Institutionalization of Ethnic Categories
- 1888: Northern Rhodesia becomes a British colony
- 1964: Zambia gains independence
As in other British colonies in southern African, race was institutionalized under colonial rule, but clearly to a lesser degree than in the more extreme cases (i.e. South Africa, Southern Rhodesia). Since independence, we find almost no use of race categories in state institutions.
Race information was not collected systematically on the census prior to independence, and census data was mainly collected for non-Africans, though this in itself reflects a source of category institutionalization in our framework. Race was not enumerated in the 1969 census, and in subsequent censuses, the respondent’s race was indicated only if the question of ethnic tribe question could not be answered.
Under colonial rule, institutions made clear distinctions between Europeans and Natives or Africans, though again not to the extent found in the extreme cases of South Africa and Southern Rhodesia. For example, Africans were not allowed to participate in legislative councils. The state maintained different alcohol laws across the European/African divide (Ambler 1990). However, we have not found evidence of any extreme forms of job reservation, pass laws, etc.
We categorize the institutionalization of language and broad ethno-cultural categories as weak throughout the colonial and independence periods because of limited and inconsistent use. As shown in appendix 1, Posner (2004) and the EPR dataset identify different sets of politically relevant ethnic groups, which suggests a higher level of ambiguity created by such institutions.
Posner (2003: 132) notes that four languages: Bemba, Nyanja, Tongo and Lozi were made official for the purposes of instruction under a 1927 colonial edict, and this was surely important, as he argues, for linguistic consolidation and the political relevance of those language groups. On the other hand, since independence, English was declared the national language (persisting in article 1 of the 1991 constitution) and has been the primary mode of instruction in Zambian schools since 1965 (Linehan 2004: 2). By the mid-1990s, amidst dissatisfaction with the quality of education, perhaps because of the English mode of instruction, education policy made room for instruction in local languages, but now there were 7 official Zambian languages of instruction (Linehan 2004: 8).
We also do not find other evidence of rigid institutionalization of ethno-linguistic categories. While the colonial-administered census enumerated Africans by language in the 1931 census, there was subsequently no language question on the 1946 census; and in none of the censuses or official sample surveys of the 1950s do we find a language question.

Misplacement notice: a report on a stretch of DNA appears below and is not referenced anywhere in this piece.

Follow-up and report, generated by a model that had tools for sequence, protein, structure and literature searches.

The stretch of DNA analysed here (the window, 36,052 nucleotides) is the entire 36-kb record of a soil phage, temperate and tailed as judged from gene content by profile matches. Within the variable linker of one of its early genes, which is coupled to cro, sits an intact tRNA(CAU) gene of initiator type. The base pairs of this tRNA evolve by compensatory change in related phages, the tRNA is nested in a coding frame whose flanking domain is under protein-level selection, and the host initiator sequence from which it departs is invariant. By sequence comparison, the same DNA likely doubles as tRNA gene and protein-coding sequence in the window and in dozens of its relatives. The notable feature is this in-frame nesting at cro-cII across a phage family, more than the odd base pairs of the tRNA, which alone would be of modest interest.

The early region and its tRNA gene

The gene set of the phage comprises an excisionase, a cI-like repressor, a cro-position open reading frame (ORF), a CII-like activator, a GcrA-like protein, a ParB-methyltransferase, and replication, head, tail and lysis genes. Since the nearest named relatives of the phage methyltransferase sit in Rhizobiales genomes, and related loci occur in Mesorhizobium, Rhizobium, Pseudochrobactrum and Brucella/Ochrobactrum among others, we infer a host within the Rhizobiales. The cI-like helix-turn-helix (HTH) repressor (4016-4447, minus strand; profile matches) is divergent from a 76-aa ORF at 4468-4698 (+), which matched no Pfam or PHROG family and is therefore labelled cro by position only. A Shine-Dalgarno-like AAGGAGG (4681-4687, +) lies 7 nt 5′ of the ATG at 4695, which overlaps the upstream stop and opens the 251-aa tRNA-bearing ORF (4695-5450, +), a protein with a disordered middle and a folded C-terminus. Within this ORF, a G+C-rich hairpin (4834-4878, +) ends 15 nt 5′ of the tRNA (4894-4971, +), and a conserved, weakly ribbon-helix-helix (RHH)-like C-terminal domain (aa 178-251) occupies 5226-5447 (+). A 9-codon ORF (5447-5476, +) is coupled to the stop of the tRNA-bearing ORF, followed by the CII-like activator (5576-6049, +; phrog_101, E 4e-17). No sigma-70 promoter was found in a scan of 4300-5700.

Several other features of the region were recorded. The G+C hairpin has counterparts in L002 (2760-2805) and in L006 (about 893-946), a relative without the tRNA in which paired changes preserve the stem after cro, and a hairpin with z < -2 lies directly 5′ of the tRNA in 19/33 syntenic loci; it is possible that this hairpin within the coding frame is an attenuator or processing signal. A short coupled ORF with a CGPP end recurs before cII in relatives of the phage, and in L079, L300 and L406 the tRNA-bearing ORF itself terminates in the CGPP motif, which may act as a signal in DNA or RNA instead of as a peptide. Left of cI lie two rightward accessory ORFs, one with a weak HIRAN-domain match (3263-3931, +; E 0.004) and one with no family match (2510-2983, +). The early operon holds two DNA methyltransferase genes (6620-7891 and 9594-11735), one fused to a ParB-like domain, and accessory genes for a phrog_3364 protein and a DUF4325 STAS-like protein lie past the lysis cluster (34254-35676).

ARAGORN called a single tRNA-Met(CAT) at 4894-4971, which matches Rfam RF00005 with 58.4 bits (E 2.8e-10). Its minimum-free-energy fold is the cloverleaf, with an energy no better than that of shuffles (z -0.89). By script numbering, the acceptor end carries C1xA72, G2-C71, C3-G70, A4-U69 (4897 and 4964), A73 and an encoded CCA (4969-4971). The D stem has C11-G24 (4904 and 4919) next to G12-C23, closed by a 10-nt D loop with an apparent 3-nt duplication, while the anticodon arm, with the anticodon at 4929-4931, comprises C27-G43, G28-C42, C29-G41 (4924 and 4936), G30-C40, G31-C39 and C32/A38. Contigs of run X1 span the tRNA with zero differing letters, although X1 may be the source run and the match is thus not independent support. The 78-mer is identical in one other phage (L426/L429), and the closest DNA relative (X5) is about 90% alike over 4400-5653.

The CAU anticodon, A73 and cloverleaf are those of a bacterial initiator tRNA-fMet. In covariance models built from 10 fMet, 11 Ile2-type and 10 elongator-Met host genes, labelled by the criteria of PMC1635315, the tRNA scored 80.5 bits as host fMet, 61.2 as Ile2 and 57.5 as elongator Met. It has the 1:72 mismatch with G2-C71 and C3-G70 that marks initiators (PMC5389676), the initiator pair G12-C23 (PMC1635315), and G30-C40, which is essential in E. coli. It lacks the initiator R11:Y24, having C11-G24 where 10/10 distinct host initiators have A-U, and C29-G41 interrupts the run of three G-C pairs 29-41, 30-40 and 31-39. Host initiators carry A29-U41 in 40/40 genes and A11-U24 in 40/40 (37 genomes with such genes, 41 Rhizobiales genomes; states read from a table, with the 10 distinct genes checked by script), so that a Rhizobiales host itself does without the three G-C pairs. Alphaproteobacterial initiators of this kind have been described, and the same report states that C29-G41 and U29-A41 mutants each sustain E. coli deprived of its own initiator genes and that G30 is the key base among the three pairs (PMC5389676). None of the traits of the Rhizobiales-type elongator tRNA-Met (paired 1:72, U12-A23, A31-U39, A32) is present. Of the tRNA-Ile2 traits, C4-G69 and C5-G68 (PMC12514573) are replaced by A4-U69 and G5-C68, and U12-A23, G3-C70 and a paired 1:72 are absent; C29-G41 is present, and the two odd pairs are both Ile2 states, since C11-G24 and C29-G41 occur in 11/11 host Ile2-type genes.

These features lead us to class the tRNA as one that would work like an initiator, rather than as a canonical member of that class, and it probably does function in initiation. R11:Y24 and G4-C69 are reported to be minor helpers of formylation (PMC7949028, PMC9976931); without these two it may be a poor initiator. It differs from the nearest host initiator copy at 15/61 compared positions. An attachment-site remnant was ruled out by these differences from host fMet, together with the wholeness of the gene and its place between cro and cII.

After independence, the state varied from decade-to-decade in its approach to ethnicity. The 1969 census asked about language but not ethnic group; the 1974 census asked about ethnic group, but not language; the 1980 census asked about ethnic group, and about both “Mother tongue,” and “language of communication”; in 1990, the census again asked about ethnicity, and “language of communication,” but discontinued “mother tongue,” and finally in the 2000 census, which again asked about ethnicity, the questionnaire asked for “Predominant language,” and “second language.” All of this is consequential because as Wimmer, Cederman, and Min (2009) and Posner (2004, 2005) highlight, in Zambia, some ethnic groups are identifiable by language spoken, others by attachment to an ethno-cultural group. In our framework, these changes reflect weak institutionalization of categories.
Ethnic politics tended to be played more informally. For instance, the Nyanja may have been informally favored by the British under colonial rule (Levinson 1998: 179).
However, one important source of institutionalization of an ethnic category was the granting of autonomy to Barotseland – claimed as a Lozi homeland — particularly in the 1900 Lewanika treaty under British rule. While Barotseland never achieved the protectorate status of other territories in the region (Bechuanaland, for example), the British were fairly consistent in recognizing the autonomy of the Barotse/Lozi rulers. As Zambia was becoming independent, there was some question about whether Barotseland would emerge as its own independent state, but Lozi and nationalist elites negotiated incorporation into a unitary state. (Minorities at Risk Project 2009).
Continuing calls for greater Lozi/Barotseland autonomy, which have been rejected by the government, have been a source of tension (Chilaizya 1995).
Questions asking about religious categories were on the 1931, 1946, and 2000 censuses only.
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Other ethnic, including tribe